Let’s start with the newly passed use tax. It’s unfortunate that there wasn’t a discussion before the election on the various issues that would ultimately surround the implementation of this tax. As you may or may not know, the vote gave the town permission to institute such a tax. It didn’t, however, describe the method and criteria to be used.
During the few minutes of discussion this issue received prior to deciding to put it on the ballot, the public was clearly led to believe that there would be no problem in locals receiving an exemption for their little projects. Well, not so easy. Any exemption must be applied across the board, meaning that developers draw the same bye as the small-condo owners. As it works out, or as the second reading should reflect, everyone gets a $10,000 exemption. The results are OK if it gets passed on December 4, but I still maintain that this all should have been discussed before we went to the polls.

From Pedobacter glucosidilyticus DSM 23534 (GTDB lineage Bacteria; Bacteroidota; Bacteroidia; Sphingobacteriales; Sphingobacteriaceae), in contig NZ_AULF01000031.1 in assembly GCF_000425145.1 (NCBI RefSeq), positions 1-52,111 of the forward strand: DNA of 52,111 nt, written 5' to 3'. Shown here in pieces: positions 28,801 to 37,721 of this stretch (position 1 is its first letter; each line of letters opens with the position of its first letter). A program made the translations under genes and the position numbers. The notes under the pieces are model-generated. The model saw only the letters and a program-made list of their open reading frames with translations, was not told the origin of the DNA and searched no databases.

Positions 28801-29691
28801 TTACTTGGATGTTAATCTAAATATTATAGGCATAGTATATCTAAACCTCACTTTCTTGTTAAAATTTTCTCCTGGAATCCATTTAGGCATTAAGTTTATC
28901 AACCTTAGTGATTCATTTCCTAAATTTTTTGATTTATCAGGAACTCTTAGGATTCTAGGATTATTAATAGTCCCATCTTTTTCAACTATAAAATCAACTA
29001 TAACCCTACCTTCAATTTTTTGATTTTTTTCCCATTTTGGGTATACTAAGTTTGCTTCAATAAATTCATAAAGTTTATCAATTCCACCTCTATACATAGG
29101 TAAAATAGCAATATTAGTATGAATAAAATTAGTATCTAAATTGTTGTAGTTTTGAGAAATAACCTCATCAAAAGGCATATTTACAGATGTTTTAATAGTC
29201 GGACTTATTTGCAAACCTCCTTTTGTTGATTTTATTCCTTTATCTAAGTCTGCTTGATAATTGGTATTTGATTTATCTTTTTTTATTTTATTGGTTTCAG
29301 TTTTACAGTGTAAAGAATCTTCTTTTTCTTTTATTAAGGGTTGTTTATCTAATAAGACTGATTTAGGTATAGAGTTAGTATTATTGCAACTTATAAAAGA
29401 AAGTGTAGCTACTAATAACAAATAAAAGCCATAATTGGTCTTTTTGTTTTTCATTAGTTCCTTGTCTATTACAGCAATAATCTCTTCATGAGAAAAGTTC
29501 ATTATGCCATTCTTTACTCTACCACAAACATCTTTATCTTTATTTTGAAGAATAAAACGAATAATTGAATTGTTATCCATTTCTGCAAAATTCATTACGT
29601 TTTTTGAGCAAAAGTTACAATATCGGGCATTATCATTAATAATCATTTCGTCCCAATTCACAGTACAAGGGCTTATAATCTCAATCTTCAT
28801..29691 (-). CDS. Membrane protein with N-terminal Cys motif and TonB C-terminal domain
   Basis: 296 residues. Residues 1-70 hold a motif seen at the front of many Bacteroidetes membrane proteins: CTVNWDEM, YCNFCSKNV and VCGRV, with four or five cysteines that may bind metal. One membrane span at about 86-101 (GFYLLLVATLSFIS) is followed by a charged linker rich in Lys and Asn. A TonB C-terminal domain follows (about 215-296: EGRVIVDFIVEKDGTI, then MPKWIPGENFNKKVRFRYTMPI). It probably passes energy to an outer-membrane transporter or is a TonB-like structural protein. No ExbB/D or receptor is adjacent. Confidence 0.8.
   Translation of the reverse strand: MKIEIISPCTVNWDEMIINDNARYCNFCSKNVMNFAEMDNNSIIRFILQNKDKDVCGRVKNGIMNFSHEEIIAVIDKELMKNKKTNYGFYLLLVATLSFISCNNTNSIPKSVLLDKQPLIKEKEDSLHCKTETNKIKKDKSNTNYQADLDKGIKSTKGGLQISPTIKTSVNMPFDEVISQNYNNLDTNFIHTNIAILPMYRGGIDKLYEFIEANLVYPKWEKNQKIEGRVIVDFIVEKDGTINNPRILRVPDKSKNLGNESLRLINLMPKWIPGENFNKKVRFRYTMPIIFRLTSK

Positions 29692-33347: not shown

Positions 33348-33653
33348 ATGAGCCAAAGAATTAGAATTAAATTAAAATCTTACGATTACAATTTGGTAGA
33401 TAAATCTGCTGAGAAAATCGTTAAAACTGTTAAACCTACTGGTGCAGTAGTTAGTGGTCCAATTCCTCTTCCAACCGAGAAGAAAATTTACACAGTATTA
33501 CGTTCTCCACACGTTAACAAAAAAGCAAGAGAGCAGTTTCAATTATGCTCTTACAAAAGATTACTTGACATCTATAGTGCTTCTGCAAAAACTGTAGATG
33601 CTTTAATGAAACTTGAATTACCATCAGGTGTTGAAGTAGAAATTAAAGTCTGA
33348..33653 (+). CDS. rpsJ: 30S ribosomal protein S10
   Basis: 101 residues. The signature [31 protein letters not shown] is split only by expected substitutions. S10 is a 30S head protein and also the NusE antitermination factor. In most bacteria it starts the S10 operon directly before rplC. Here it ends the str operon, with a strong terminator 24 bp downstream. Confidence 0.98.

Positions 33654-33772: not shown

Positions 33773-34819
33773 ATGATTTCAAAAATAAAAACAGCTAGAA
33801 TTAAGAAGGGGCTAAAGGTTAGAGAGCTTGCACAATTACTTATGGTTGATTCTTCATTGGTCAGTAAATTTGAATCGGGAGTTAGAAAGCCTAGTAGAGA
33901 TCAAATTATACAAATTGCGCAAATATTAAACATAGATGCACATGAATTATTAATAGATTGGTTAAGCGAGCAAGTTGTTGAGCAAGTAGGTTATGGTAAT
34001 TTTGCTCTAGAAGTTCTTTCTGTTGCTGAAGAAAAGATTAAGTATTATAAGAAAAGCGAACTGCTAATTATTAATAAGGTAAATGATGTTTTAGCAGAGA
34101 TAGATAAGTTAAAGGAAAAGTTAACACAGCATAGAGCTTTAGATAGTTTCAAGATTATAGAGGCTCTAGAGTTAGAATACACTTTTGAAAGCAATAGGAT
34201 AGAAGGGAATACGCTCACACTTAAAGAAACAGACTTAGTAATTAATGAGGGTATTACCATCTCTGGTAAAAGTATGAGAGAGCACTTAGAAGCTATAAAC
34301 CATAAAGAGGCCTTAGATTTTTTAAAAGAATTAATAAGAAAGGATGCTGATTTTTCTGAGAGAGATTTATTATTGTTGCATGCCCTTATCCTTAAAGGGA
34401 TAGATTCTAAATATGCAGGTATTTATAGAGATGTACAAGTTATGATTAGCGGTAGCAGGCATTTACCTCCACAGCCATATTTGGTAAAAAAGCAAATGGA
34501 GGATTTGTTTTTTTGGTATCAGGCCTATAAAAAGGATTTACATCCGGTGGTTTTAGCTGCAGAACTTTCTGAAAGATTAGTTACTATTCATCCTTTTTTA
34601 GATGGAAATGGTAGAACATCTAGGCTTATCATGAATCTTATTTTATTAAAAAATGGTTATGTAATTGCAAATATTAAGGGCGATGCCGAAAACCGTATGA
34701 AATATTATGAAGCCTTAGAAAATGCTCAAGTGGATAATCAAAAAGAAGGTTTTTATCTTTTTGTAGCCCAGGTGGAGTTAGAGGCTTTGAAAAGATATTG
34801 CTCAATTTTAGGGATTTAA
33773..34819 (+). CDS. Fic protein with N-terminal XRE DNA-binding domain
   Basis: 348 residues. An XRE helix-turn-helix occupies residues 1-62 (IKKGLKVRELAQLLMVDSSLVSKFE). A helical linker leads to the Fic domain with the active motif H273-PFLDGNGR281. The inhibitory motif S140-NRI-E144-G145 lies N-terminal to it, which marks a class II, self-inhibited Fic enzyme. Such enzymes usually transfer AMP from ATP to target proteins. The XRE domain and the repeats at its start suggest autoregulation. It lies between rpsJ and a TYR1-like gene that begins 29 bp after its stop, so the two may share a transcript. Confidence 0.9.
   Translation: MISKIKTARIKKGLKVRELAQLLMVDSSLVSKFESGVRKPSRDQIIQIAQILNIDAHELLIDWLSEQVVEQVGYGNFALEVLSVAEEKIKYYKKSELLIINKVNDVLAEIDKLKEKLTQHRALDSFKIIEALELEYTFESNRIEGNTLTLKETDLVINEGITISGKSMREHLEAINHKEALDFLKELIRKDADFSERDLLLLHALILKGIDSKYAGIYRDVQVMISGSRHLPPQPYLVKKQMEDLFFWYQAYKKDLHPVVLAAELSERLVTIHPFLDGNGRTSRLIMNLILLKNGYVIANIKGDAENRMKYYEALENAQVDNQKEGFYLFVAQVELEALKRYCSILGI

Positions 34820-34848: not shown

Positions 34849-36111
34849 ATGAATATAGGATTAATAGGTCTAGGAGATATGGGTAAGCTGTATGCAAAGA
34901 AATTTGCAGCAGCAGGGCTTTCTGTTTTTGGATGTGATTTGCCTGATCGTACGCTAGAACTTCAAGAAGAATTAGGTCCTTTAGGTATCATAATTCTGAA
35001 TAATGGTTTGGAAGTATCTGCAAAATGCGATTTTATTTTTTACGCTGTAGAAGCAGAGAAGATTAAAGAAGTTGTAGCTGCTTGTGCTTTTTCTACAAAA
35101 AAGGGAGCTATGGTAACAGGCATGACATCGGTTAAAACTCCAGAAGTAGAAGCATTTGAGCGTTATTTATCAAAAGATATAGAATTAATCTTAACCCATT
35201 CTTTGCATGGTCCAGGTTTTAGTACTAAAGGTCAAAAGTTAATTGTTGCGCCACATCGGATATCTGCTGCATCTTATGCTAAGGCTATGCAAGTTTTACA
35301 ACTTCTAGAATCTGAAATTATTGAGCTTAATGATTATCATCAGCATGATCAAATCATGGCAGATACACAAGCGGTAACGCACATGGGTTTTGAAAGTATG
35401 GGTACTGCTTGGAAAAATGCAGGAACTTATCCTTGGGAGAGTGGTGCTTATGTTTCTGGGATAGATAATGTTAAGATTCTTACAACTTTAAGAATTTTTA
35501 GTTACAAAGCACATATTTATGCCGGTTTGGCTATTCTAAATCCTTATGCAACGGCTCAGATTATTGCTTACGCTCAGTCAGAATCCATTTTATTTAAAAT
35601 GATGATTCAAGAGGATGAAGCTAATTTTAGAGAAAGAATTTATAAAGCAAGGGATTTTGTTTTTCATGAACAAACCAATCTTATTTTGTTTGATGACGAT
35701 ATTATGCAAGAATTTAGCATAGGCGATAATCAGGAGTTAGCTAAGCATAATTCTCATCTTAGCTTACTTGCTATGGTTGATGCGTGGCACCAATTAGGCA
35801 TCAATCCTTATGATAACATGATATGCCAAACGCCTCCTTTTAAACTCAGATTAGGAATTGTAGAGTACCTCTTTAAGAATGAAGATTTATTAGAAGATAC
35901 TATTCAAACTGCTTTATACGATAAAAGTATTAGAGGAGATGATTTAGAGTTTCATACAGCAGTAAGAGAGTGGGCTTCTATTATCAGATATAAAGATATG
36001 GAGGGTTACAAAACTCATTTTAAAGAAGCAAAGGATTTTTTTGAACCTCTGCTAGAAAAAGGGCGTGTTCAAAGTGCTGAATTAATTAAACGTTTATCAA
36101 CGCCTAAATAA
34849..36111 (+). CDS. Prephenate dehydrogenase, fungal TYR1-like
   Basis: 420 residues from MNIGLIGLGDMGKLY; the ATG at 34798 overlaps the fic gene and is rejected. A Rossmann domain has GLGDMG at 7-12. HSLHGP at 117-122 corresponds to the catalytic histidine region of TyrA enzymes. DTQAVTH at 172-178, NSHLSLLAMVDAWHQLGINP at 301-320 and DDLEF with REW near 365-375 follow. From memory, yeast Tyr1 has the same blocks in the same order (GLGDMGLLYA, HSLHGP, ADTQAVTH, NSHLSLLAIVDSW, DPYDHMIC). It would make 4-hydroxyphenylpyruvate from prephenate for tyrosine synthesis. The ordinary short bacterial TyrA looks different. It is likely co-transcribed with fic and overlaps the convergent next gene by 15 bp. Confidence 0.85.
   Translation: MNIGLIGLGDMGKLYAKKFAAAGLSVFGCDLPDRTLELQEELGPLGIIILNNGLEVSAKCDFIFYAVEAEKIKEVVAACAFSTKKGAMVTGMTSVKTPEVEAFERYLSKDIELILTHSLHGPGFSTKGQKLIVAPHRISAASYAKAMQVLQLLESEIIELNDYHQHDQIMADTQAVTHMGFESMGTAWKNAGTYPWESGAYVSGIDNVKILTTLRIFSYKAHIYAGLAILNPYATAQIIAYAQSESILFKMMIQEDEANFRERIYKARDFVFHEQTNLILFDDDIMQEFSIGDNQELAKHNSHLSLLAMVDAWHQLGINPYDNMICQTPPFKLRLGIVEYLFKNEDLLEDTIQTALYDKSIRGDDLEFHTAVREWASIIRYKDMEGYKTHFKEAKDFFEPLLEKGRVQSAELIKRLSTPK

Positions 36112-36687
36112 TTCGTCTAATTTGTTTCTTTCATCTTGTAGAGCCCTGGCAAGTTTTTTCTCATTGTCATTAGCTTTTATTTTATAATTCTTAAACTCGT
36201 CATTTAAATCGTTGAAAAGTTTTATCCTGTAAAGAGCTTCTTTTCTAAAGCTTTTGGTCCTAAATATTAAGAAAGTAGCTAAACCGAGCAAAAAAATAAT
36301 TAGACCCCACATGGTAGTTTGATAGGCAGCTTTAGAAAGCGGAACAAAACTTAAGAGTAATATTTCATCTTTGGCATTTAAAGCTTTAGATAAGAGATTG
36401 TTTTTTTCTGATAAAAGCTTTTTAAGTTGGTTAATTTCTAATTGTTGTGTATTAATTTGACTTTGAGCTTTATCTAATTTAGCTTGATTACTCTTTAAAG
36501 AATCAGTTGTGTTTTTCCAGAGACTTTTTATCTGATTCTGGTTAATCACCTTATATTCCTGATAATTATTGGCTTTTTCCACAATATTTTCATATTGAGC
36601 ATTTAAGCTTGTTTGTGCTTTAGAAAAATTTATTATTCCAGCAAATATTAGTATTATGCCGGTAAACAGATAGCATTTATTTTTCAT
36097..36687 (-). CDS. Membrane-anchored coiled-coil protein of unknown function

Then there was the setting of the mill levy. Of course you remember that the governor froze the mill levy as it relates to education. And if you don’t remember, you will when you get your property tax bill from Eagle County in January. Because that coupled with the outrageous increases in property valuations will be reflected in huge tax bills for everyone in Eagle County.
When I did my original column on this topic, I shared the information I had gathered while talking with the county assessor. Their hands were tied. The assessments were what they were and subject to state audit. If they varied from the audit, fines would follow.
So my question to Mark Chapin was what can we do? His answer was three-fold. First, there was a move to have the governor’s decision declared illegal per Tabor, or the Taxpayers Bill of Rights Amendment. Many felt ” and I assume still feel ” that his action was tantamount to a tax increase. Rumor has it, that’s in the works.